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High-Pressure EPR and Site-Directed Spin Labeling for Mapping Molecular Flexibility in Proteins. Methods Enzymol 2015;564:29-57 PMID: 26477247

Abstract

High hydrostatic pressure is a powerful probe of protein conformational flexibility. Pressurization reveals regions of elevated compressibility, and thus flexibility, within individual conformational states, but also shifts conformational equilibria such that "invisible" excited states become accessible for spectroscopic characterization. The central aim of this chapter is to describe recently developed instrumentation and methodologies that enable high-pressure site-directed spin labeling electron paramagnetic resonance (SDSL-EPR) experiments on proteins and to demonstrate the information content of these experiments by highlighting specific recent applications. A brief introduction to the thermodynamics of proteins under pressure is presented first, followed by a discussion of the principles underlying SDSL-EPR detection of pressure effects in proteins, and the suitability of SDSL-EPR for this purpose in terms of timescale and ability to characterize conformational heterogeneity. Instrumentation and practical considerations for variable-pressure continuous wave EPR and pressure-resolved double electron-electron resonance (PR DEER) experiments are reviewed, and finally illustrations of data analysis using recent applications are presented. Although high-pressure SDSL-EPR is in its infancy, the recent applications presented highlight the considerable potential of the method to (1) identify compressible (flexible) regions in a folded protein; (2) determine thermodynamic parameters that relate conformational states in equilibrium; (3) populate and characterize excited states of proteins undetected at atmospheric pressure; (4) reveal the structural heterogeneity of conformational ensembles and provide distance constraints on the global structure of pressure-populated states with PR DEER.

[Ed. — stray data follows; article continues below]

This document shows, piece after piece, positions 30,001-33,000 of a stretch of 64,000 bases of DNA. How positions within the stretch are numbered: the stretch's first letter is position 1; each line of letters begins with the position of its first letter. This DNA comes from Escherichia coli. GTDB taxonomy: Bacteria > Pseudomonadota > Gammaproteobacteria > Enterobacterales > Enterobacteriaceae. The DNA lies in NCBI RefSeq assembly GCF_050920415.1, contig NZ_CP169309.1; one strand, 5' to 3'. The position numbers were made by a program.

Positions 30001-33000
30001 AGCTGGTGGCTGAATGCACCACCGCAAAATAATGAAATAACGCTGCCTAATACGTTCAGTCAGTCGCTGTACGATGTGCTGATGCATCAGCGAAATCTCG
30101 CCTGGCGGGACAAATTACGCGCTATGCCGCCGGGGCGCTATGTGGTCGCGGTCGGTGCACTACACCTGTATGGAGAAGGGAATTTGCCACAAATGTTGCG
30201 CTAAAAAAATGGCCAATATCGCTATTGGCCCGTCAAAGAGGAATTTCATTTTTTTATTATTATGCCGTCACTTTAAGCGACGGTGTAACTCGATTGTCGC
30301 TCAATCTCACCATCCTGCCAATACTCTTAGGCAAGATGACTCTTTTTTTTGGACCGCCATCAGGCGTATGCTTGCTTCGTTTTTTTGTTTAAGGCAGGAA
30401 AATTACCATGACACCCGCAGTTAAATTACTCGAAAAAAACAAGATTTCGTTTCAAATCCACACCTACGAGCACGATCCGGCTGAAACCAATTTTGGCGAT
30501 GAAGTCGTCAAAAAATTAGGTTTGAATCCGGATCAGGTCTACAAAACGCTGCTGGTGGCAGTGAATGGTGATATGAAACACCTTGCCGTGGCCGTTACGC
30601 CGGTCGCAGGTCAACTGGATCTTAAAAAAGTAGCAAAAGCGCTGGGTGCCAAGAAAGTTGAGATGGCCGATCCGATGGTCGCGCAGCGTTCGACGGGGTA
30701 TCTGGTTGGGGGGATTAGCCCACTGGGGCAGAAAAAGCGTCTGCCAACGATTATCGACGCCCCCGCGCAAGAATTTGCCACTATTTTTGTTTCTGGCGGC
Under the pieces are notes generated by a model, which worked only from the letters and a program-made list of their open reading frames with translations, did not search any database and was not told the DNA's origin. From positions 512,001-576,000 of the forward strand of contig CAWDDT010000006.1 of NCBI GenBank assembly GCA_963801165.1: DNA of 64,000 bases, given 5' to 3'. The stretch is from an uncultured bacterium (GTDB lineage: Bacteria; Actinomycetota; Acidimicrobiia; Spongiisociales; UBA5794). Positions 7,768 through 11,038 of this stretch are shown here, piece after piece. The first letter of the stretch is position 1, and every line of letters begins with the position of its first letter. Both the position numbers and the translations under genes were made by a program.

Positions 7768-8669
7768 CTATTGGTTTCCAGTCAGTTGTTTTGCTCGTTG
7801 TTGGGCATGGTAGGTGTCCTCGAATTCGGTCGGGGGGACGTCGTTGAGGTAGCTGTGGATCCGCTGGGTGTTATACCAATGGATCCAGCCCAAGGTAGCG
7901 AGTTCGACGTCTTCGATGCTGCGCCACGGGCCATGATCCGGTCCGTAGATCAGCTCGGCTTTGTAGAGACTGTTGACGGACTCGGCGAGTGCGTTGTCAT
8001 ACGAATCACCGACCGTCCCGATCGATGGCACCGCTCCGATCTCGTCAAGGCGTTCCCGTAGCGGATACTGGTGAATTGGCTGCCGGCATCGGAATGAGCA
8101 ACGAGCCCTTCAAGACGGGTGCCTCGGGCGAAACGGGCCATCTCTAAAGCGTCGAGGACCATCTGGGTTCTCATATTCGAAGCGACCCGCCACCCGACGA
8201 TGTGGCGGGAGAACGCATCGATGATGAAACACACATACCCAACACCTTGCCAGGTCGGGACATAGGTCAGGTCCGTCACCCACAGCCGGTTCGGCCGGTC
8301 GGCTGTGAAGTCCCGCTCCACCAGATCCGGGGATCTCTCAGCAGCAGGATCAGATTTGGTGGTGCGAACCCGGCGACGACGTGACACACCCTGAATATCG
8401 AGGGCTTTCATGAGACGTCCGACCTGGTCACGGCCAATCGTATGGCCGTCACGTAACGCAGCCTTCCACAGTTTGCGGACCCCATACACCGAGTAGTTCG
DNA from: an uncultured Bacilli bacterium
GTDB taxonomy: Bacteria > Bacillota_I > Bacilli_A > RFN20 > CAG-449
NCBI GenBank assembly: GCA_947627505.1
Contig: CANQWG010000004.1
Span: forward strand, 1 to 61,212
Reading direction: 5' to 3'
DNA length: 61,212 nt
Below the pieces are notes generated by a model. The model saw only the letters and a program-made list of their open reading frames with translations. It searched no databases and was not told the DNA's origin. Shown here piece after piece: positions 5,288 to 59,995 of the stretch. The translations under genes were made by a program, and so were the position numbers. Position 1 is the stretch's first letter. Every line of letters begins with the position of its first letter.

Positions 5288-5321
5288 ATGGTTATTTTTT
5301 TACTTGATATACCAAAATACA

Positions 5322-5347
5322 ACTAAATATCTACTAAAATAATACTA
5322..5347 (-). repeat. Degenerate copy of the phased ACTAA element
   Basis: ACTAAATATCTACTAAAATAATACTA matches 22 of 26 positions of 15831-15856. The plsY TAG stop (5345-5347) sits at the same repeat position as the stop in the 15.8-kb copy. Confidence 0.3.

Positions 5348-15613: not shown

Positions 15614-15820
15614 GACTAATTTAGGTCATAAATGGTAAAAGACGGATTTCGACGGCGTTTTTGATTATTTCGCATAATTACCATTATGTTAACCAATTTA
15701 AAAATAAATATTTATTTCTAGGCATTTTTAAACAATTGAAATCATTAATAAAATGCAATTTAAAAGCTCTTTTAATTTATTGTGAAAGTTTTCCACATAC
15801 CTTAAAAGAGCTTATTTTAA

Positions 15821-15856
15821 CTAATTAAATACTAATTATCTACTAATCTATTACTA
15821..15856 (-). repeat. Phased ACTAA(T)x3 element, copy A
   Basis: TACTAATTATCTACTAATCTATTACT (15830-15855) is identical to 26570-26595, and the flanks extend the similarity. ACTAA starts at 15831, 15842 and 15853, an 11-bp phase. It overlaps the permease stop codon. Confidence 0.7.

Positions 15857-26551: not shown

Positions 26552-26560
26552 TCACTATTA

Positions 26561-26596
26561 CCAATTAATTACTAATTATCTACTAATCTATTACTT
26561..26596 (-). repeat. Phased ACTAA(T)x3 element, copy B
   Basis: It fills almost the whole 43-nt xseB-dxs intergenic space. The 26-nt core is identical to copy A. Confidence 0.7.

Author List

Lerch MT, Yang Z, Altenbach C, Hubbell WL

Author

Michael Lerch PhD Assistant Professor in the Biophysics department at Medical College of Wisconsin

MESH terms used to index this publication - Major topics in bold

Animals
Electron Spin Resonance Spectroscopy
Equipment Design
Humans
Models, Molecular
Pressure
Protein Conformation
Protein Folding
Proteins
Spin Labels
Thermodynamics



View this publication's entry at the Pubmed website PMID: 26477247
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